Politics

Revenge porn threats will become a criminal offence under new changes to the domestic abuse bill

Posted by
Lauren Geall
Published
backgroundLayer 1
Add this article to your list of favourites
Two hands holding a phone

An amendment to the domestic abuse bill will see threatening to share intimate videos or images of someone without their consent punishable with up to two years in prison.

Threatening to share intimate videos or images of someone will be made a criminal offence for the first time, thanks to a campaign led by the domestic abuse charity Refuge.

While revenge porn – the sharing of private, sexual photos or videos of another person without their consent and with the purpose of causing embarrassment or distress – was criminalised in England and Wales in 2015, and in Northern Ireland in 2016, threatening to share someone’s intimate photos or videos was not. Until now.

The law change, which is part of a series of amendments being made to the domestic abuse bill, will make threatening revenge porn punishable by up to two years in jail.  

You may also like

“My ex said he’d send my nudes to my colleagues”: the devastating impact of revenge porn threats

It comes after a campaign led by Refuge and supported by celebrities including Olivia Colman and Zara McDermott saw just under 45,000 supporters of the charity write to the government urging them to make the law change. 

A campaign video calling on Home Secretary Priti Patel and Secretary of State for Justice Robert Buckland to change the law was also viewed over 180,000 times on social media. 

Lisa King, Refuge’s director of communications and external relations, described the change as “a significant moment” for those facing revenge porn threats.

“We are thrilled that the government has recognised the need for urgent change,” King said in a statement. “Our research found that one in seven young women have experienced these threats to share, with the overwhelming majority experiencing them from a current or former partner, alongside other forms of abuse.

“The domestic abuse bill provides the perfect legislative vehicle for this change, and the government has acted quickly and decisively. This is a victory for women and girls and testimony to the power of working together for change.” 

Alongside the criminalisation of threatening to share ‘revenge porn’, amendments to the domestic abuse bill will also create an offence for non-fatal strangulation, with people who intentionally restrict someone’s ability to breathe facing a possible five years in prison.

Legislation will also be strengthened around controlling or coercive behaviour, so it’s no longer a requirement that victims and abusers live together.

A close-up of a woman's shoulder wearing a white tank top
The criminalisation of revenge porn threats will make it easier for victims to report their abuse.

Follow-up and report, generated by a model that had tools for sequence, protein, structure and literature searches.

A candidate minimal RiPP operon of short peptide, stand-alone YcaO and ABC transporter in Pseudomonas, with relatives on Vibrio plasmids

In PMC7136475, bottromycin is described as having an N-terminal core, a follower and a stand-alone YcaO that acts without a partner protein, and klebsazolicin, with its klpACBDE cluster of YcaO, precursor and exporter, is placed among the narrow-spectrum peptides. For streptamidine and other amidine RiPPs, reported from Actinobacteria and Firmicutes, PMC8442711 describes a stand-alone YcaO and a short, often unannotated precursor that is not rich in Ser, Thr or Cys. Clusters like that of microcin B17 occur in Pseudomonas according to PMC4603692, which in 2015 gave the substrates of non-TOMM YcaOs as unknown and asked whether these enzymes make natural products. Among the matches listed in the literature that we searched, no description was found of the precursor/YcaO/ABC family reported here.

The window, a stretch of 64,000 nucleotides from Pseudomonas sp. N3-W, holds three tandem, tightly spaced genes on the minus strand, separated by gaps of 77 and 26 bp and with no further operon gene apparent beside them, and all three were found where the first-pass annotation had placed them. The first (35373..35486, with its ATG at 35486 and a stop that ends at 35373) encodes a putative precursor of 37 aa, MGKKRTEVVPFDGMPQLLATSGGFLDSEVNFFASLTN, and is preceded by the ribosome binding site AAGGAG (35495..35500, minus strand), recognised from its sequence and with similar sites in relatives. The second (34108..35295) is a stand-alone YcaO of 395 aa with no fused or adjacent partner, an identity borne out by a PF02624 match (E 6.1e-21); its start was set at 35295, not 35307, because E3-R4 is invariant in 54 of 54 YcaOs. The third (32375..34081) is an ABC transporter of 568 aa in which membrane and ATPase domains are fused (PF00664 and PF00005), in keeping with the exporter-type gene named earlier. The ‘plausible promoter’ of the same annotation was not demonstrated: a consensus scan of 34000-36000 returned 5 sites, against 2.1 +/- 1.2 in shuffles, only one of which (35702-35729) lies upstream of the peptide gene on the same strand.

Speaking in a statement to mark the new amendments, the domestic abuse commissioner for England and Wales, Nicole Jacobs, called the changes a “huge win” for victims, charities and campaigners, but called on the government to provide further support for those affected. 

“I am delighted that the government has listened and acted,” she said. 

“Nevertheless, the government must still go further to make this bill genuinely ‘landmark’ by increasing the provision of services in the community and ensuring protections are extended to all victims and survivors, regardless of their immigration status.”

You may also like

“How this podcast helped me heal from a controlling relationship”

Earlier this year, Cara (not her real name) told Stylist about her experience of being threatened with revenge porn, after her ex stole intimate photos from her computer.

“There was nothing I could do,” she said. “He had all the power, all the control, and the police had literally told me to just ignore him and he’d go away. It was terrifying thinking about what would happen if he released the images – who would see them, what would people think. I had to tell my boss what had happened to get his email address blocked at work. It was humiliating. You feel ashamed.”

Most of the legislation in the domestic abuse bill will only apply to England and Wales. The bill is currently going through the House of Lords, where the amendments have been tabled.

For now, though, this news is a victory for all the people who have been threatened with revenge porn, as well as the charities and campaigners who made this change happen.

If you have been affected by threats to share intimate images or films, or have been a victim of revenge porn, you can access advice and support by calling the UK Revenge Porn Helpline on 0845 6000 459 

Sign up for the latest news and must-read features from Stylist, so you don't miss out on the conversation.

By entering my email I agree to Stylist’s Privacy Policy

Images: Getty

Topics

Share this article

Author

Lauren Geall

As Stylist’s junior digital writer, Lauren Geall writes on topics including mental health, wellbeing and work. She’s also a big fan of houseplants and likes to dabble in film and TV from time-to-time.